Unlike most of my other projects, the client had already been collecting information and interviewing content experts before they contacted me to spin up this animation. As a communications professional, he was also familiar with writing for video and "spoken" content. So in this unique case, the client wrote most of the script. I contributed a few edits to smooth out the language and make sure it all flowed for animation. Easiest. Script. Ever.

The purpose of the project was to act as a compliment to the "Sand to Silicon" video (see below) that Intel had previously created (and is in the process of updating). While "Sand to Silicon" focused almost exclusively on the manufacturing portion of chip development, this animation would cover the gamut, from a very high level, from concept to landing in the hands of a customer.

Some of you may have the thought that 'Chip' reminds you of a certain MS Office helper named "Clippy." This was intentional for a couple reasons - first: to give us a character we could follow for continuity, and two: because it was fun and cheeky.
One of Intel's original sand to silicon videos. This was a valuable reference. However the client wanted to expand the story beyoud manufacturing and help people get a "bigger Picture" of the process of chip creation.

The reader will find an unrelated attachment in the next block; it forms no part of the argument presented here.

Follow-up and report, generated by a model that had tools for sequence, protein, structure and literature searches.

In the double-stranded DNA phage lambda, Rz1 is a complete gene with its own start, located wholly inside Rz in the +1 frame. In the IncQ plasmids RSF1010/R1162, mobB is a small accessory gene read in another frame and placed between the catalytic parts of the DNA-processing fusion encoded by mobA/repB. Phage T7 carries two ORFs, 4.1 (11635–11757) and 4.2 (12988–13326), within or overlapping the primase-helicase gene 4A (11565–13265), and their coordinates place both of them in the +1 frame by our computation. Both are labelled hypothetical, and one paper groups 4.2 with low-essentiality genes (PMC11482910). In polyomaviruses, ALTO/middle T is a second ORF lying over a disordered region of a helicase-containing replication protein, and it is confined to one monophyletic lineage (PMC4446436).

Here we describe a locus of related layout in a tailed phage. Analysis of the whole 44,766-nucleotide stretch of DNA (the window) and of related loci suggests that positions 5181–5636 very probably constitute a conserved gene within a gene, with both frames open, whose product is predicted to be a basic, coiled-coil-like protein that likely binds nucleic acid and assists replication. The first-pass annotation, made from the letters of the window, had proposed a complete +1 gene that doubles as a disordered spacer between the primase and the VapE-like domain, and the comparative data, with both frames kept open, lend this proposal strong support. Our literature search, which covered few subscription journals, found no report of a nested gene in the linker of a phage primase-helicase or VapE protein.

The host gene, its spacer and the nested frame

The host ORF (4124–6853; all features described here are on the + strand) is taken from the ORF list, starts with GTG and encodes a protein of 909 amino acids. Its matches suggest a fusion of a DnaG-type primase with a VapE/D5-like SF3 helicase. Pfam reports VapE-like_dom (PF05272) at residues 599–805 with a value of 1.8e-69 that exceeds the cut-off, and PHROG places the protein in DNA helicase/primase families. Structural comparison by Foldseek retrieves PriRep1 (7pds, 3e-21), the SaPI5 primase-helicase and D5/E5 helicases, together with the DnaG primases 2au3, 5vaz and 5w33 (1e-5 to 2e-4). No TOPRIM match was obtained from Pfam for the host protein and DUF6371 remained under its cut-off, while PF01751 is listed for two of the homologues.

If you've viewed any of my other projects, you'll know that no art shall come before the critical step of 'storyboarding'. Simple drawings to communicate the visual accompaniment to what will be spoken in the narration so that both I, the artist, and the client can come to understand what should be shown at a given point.
Art Development
For this animation, I would need to have a lot more characters than I usually include. One of the goals was to show not just the process of chip development, but the people involved! In addition, we were going to have an anthropomorphized "Chip" as our narrator and guide. I needed a simple enough style that would keep the audience from getting distracted from the primary motion while still being robust enough to look slick.

To fill in large areas of solid color, rather than build everything in Illustrator during the art phase, I made plans to use the CircuitFX plugin for After Effects to create an animated pattern of circuitry that ties the animation together.

One of the benefits of being the Art Director, illustrator, and animator means I can think ahead in ways that is not always easy if I were in a more pipeline-oriented shop. I can hold off on illustration until I'm sure a scene is working as planned as well as easily go back and adjust/change/enhance artwork as needed.

In addition to using CircuitFX for a textural element, I used DUIK Bassel to rig several of the characters. Even for simple motion or single limbs, it's a time saver with the Inverse Kinematics (IK). To animate Chip's mouth I found Adobe's Character Animator to be surprisingly powerful, if a little non-intuitive in spots. It's also unnerving just how attuned our brains are to minute mouth shapes and eye movement! Two or three pixels can be the difference between look at the viewer, and "looking past" them.
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